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What Do Uber Drivers Think About Being Replaced By Robots?

Uber says its drivers can shift to other jobs, but picking up passengers is far easier than training to be a self-driving car mechanic.

Last month, Uber launched its self-driving car pilot program in Pittsburgh. This month, Uber drivers let us know what they think of being replaced by robots.

Vice, in the video above, sent a reporter out to talk to Pittsburgh's Uber drivers, and the one thing they were most worried about was jobs. "They want to use people now," said one driver, "to get them to start up the business, then go to self-driving cars."

Many Uber drivers have been laid off from other jobs and picked Uber because you can just start get started working right away. And these drivers don't see Uber as their life-long job. One interviewee said that the driverless Ubers seem "really cool," and that she hopes that they're successful.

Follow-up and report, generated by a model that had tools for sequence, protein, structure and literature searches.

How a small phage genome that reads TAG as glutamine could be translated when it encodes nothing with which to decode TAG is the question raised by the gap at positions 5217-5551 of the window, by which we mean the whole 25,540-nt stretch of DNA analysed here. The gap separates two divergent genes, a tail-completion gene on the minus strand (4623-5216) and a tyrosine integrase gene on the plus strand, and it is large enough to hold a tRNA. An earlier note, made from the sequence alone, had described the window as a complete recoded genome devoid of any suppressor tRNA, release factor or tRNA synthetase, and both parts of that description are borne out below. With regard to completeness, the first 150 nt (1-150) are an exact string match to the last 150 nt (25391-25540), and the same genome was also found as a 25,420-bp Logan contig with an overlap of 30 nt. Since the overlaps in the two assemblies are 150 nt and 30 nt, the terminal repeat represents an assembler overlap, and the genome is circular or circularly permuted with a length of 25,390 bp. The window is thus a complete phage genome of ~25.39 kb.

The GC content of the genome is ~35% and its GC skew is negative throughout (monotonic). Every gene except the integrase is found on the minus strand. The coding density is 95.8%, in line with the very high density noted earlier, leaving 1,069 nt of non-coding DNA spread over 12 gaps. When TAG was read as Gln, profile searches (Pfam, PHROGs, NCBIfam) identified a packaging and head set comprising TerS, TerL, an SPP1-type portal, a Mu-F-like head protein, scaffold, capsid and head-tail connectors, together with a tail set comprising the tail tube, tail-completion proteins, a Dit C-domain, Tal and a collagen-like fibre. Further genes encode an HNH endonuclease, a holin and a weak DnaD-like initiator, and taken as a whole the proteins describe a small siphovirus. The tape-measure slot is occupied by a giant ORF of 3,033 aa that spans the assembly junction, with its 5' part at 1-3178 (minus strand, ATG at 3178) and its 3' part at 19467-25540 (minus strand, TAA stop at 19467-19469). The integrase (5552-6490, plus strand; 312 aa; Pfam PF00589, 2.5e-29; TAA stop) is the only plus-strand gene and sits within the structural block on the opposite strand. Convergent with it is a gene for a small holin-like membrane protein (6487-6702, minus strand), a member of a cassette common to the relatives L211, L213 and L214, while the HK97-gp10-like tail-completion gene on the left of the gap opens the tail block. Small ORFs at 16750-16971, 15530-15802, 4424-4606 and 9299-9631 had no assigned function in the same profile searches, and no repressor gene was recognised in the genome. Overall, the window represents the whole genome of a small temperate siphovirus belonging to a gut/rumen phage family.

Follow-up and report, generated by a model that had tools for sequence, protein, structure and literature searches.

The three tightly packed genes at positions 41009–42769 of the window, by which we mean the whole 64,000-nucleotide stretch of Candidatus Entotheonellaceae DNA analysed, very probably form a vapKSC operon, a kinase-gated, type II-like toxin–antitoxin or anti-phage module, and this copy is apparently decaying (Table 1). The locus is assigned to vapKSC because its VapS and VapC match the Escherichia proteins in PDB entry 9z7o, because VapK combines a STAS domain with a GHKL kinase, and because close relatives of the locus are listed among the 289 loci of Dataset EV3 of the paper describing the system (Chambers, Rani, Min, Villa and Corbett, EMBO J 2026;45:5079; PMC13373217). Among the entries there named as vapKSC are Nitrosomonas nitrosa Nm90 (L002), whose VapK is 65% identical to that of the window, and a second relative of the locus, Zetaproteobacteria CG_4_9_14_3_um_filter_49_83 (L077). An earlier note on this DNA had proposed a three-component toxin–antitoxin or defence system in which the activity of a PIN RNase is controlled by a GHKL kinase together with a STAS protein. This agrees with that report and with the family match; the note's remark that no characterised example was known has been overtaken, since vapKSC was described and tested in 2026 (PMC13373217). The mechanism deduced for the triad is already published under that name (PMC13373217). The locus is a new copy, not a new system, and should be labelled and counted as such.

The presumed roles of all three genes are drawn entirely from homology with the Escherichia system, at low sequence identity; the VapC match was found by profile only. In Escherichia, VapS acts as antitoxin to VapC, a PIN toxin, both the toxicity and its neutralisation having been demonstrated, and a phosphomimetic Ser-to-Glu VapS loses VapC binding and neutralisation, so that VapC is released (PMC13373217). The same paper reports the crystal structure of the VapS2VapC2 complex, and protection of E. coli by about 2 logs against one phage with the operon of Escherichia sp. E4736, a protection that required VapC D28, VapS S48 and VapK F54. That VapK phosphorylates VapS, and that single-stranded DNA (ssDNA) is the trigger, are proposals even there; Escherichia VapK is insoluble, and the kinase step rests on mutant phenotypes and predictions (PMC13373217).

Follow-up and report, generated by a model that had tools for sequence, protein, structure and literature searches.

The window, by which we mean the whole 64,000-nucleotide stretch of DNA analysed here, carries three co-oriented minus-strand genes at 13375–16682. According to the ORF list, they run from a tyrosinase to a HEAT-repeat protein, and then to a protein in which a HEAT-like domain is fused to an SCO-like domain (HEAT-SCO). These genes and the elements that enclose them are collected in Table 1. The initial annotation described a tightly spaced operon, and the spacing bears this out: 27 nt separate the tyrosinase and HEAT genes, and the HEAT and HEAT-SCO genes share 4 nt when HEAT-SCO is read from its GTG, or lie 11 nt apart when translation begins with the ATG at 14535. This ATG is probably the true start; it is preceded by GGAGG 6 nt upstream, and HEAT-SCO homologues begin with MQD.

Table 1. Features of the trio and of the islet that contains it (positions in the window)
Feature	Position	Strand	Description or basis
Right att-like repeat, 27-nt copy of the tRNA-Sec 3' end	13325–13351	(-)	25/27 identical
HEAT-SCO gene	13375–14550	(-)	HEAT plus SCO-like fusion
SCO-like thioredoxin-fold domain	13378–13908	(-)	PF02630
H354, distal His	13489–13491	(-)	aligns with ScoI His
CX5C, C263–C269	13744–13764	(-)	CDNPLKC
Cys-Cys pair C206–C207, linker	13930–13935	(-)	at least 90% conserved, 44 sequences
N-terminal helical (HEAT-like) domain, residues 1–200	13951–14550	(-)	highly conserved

Uber itself frames these job losses as more of a job-reallocation. In last month's press release, announcing the pilot program, Uber vice president Anthony Levandowski said that "self-driving Ubers will be on the road 24 hours a day, which means they will need a lot more human maintenance than cars today."

But signing up to be an Uber driver is a lot easier than training to become a mechanic for a self-driving car, so the low-skilled jobs (driving) will be replaced by highly skilled mechanics jobs. Hopefully nobody decides to disrupt the car-mechanic market.

Uber has told current drivers that they can apply to be safety drivers for its autonomous cars, but, as these drivers told Vice, they probably aren't qualified to do the job. The whole point of being an Uber driver, it seems, is that it's easy-to-get, casual work. And this kind of work is never really permanent. Going on the opinions of the drivers interviewed by Vice, none of them really seems that bothered, anyway.

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